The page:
One of the consideration of owning was the fract that you also figured that you would get a job and be ther for the next 20 years. Nowadays you ahve to be flexible with work and for the most part need to be able to relocate. When this is the psychology even when you own the place it feels like you are a renter.

Submitted by NotCranky on November 21, 2007 - 4:58pm.

Yes I am aware that this dynamic you speak of needs great consideration. Actually thought of going into it but my other post was much too long already. Are we really just too mobile and unstable occupationally for housing ownership benefits as have been achieved in the recent past? Maybe we ought to change private property laws and pack a yurt on top of the family car? Or just rent :).

Submitted by NotCranky on December 8, 2007 - 3:05pm.

I think it is a good idea to start a new thread. This one isn't drawing them in. The board is always slow on weekends so you might bump the thread up a couple of times to try to get more feedback. I'll put my .02 in however you want to do it.

Submitted by NeetaT on December 8, 2007 - 4:08pm.

I have a personal example for you. My rent is $1,200.00 a month. If I were to buy the place, it would cost me $300,000.00 cash. I don't borrow money so that is why I give a cash example. Not counting closing costs and the 3%-6% usurped from me by the realtor when it comes time to sale, the expenses to own are as follows: $250.00 a month for property tax, $200.00 a month for HOA, $100.00 a month for insurance, $20.00 a month for misc. maintenance. Right off the bat you are down $570.00. Now let us do the math.

Own: (-) $570.00 per month

Rent: Interest on $300,000.00 at a meager 5% after taxes is $1,000.00 a month worst case.

Rent = $1,200.00
= $200.00 a month out of pocket

Own = $570.00 a month out of pocket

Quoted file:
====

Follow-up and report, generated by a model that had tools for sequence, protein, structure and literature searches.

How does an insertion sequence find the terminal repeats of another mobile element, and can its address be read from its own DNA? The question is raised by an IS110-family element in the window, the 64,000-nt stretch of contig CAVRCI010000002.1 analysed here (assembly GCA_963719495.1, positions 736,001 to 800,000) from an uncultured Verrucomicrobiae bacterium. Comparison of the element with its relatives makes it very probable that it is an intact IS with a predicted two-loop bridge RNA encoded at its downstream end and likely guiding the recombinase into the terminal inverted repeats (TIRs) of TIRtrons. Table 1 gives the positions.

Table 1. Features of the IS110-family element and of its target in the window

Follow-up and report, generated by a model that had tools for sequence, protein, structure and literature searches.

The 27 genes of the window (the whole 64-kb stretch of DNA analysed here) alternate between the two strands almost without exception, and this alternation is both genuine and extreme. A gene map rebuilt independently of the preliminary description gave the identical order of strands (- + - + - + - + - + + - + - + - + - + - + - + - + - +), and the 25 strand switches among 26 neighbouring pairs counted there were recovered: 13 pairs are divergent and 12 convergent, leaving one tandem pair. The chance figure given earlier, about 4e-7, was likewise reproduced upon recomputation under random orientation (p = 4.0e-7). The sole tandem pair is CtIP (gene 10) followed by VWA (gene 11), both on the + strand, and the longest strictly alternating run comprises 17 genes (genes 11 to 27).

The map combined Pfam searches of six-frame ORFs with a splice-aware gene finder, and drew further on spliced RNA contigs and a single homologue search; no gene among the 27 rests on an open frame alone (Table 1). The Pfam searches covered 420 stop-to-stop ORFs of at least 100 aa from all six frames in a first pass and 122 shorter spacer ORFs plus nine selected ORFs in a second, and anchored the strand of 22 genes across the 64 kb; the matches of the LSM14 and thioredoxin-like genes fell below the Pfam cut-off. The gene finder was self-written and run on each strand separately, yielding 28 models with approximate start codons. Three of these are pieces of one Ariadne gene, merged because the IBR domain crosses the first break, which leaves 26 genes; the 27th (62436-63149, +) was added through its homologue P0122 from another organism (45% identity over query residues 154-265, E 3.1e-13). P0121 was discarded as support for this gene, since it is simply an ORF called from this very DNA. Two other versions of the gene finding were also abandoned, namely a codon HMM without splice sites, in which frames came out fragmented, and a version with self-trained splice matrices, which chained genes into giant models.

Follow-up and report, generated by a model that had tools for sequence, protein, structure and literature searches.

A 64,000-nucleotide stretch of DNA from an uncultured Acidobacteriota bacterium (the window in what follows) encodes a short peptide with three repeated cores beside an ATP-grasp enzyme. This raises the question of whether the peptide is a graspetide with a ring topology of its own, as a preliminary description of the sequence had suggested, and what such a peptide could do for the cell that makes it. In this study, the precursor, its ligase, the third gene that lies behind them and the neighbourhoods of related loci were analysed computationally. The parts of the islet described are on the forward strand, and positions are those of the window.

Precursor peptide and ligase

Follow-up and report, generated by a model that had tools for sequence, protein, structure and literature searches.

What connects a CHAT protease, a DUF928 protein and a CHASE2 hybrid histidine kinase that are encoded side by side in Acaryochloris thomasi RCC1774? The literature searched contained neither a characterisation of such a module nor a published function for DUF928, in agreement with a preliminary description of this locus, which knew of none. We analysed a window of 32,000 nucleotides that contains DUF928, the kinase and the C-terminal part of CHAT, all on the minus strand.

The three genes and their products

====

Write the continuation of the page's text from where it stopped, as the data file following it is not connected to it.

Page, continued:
The deference appears to be $370.00 per month cheaper to rent. Now I know this was over simplified math, but I don't think it is far from the truth. This does not take into consideration the possible appreciation or maybe even depreciation or the variables I mentioned earlier. The bottom line is I don't feel bad renting. Please let me know if I am using voodoo math or if I have left something out.
I think the disparity gets even bigger if you do the comparison on getting a mortgage.

Submitted by SD Realtor on December 8, 2007 - 6:00pm.

DGH I believe Santee is going to continue to run downhill pretty hard. Outlying areas including Santee, Lakeside, Escondido, El Cajon, etc will get rammed pretty hard through 08 and 09. My advice would be to sell as well. If you are going to purchase from your sibs then yes, get a termite inspection, get a physical inspection, do as much as you can to build in a cushion because it is not a question of will the home depreciate, it is a question of how much and how long it will go on.

SD Realtor

Submitted by NotCranky on December 8, 2007 - 8:56pm.

I have torn many a house apart for remodels and additions. From this experience I would not think termites on the house you are describing could have a very detrimental effect. Neglect, dry rot and cheap/poor construction would be more likely a cause for expensive defects. I am not saying termites can't do some damage and I guess what is serious in one person's eyes is minor in an other's. Most termite issues are discovered in remodels and repairs and get fixed as they are exposed and the life of the house goes on. Until then, they get treatment occasionally and superficial repairs. Termite work to get a house through escrow is superficial and a ripoff most of the time.It also does not have to be automatically included in the sale.

I think your issue with keeping or selling the house for other reasons is little more complex. My instincts say. Why not start new just to have more ability to exercise your freedom of choice. Learn more about the market meanwhile. If you were going to get the house at an obvious discount then maybe that opinion is out the window already. Be careful to avoid effectively buying your siblings out at a higher price than the property is worth or face accepting depreciation all by yourself. I have seen this happen recently and it is unfortunate to say the least.

Try to put a cost comparisions picture together. Taxes, commission or avoidance of them etc. We don't know how dealings with your siblings would proceed, so IMO,can't really advise. You didn't mention any emotional attachment to that particular house either so maybe that is a factor? Good luck.

Submitted by patientlywaiting on December 8, 2007 - 9:13pm.


My parents house is 20 years old. They bought it brand new and never had termite work of any kind. Do you think that an inspection/tenting is needed every so often? He just asked me about it the other day.
There's some sandy thing (termite droppings?) on the concret patio at the base of the slab.


Submitted by temeculaguy on December 8, 2007 - 9:38pm.